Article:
Many would have reacted negatively but not Jobs. Most would have vowed never to return to the company again but Jobs did and in 1999 took over the reins once again.
Praise also has to be paid to those at Apple who decided to recall Jobs. Such a decision would be most unlikely within a Chinese organization. Chinese managers would view such a recall as a huge loss of face even if there were overwhelmingly convincing business reasons. Had Jobs been fired from a Chinese company, there would probable have been no way back.
Jobs' ambition would also have made many Chinese managers nervous. Chinese companies appear to lack the inner self-belief required to succeed internationally, instead tip-toeing overseas with very tentative maneuvers. If Jobs put down a plan to take on the world and win, his Chinese colleagues would make every effort to water it down and suggest a more gradual, step-wise approach.
Focus on high-tech sector:
This is not widely discussed among Jobs' strengths yet there are all too many who achieve huge financial success who subsequently believe they can perform similar feats in other, often totally unrelated, industries. Branson is a prime example here, where cosmetics and soft drinks proved dismal commercial failures. Jobs, however, focused entirely on the high-tech sector and drove himself and his staff to ever more incredible breakthroughs. Unfortunately, the Chinese business environment is littered with rushed, get-rich-quick, reckless diversification.
Haier's venture into mobile phones and personal computers are examples of a stretch too far, almost certainly motivated by Haier's domination of the household appliance industry in China. Jobs would come under increasing pressure from colleagues inside a Chinese company to venture into whatever was considered a short-term money-making opportunity. For example, Jobs would have come under pressure to venture into the Chinese property market.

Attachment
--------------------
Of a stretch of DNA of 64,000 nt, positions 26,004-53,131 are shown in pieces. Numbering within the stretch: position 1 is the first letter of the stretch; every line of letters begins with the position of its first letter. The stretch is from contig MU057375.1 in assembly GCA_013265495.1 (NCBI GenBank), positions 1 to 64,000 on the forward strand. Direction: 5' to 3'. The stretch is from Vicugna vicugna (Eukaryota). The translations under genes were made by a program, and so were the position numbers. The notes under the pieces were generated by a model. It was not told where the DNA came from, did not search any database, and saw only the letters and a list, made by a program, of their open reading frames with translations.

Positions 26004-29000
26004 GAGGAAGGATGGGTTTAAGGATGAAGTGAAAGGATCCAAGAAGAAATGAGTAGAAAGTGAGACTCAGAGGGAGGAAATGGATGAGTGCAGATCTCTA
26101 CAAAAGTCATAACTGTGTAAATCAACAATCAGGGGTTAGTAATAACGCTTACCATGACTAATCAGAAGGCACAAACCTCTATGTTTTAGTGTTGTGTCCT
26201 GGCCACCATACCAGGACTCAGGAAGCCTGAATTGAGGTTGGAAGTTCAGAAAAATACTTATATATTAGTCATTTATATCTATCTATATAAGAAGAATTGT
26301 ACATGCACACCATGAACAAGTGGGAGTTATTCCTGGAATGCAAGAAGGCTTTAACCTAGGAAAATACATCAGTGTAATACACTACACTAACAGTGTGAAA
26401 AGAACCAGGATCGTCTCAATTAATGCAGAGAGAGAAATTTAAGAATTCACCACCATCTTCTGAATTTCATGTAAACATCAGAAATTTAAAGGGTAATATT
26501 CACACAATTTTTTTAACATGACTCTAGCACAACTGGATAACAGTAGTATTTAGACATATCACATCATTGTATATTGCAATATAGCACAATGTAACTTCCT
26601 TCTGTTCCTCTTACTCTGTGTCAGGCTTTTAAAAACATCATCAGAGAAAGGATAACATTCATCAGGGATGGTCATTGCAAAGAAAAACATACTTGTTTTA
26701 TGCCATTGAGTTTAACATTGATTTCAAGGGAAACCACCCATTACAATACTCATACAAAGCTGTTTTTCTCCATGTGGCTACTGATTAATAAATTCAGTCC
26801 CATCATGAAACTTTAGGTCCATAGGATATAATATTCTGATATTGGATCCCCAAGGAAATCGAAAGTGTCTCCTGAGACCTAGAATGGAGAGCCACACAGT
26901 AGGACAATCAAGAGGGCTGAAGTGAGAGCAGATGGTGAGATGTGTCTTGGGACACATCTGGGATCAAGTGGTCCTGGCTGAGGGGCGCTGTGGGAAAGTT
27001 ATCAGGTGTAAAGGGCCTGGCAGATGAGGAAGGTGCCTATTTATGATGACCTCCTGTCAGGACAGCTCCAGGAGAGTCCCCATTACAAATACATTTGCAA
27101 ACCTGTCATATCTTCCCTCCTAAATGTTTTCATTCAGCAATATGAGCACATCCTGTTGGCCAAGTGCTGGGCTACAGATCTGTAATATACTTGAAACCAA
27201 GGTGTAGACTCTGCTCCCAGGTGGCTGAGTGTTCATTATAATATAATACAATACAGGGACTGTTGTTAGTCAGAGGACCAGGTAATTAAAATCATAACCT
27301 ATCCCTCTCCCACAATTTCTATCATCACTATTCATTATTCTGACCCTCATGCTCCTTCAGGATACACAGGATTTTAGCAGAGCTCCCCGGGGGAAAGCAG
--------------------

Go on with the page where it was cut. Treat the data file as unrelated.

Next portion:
Down-to-earth, grounded self:
Jobs never allowed success to go to his head and never became arrogant or even complacent. His very casual, personal appearance (the trademark black roll-neck sweater, faded blue jeans and white running shoes) is testament to a humble attitude.
It appears that he was not driven by any need for attention nor could he be regarded as some sort of social climber. Instead, his primary motivation really was to stretch himself and those around him intellectually. Financial gain was very much secondary.
Had Jobs operated inside Chinese business culture he would have been expected to present his elite status very publicly with expensive cars and clothes. Jobs would have felt extremely uncomfortable with such conspicuous and ostentatious consumption. He chose an image of a humble, ordinary person, always trying to do something special. Chinese business does not work like that at all.
Steve Jobs deserves his place in history and will be talked about in the same breath as Einstein, Edision, Marconi, Bell and others who have transformed the world permanently and so dramatically. But Chinese businesses should also take an extremely close look at how he achieved this position and learn to move closer to the Jobs business model.
The author is a visiting British professor of brand management at China Agricultural University. The opinions expressed in the article do not necessarily reflect those of China Daily.
(China Daily 10/14/2011 page9)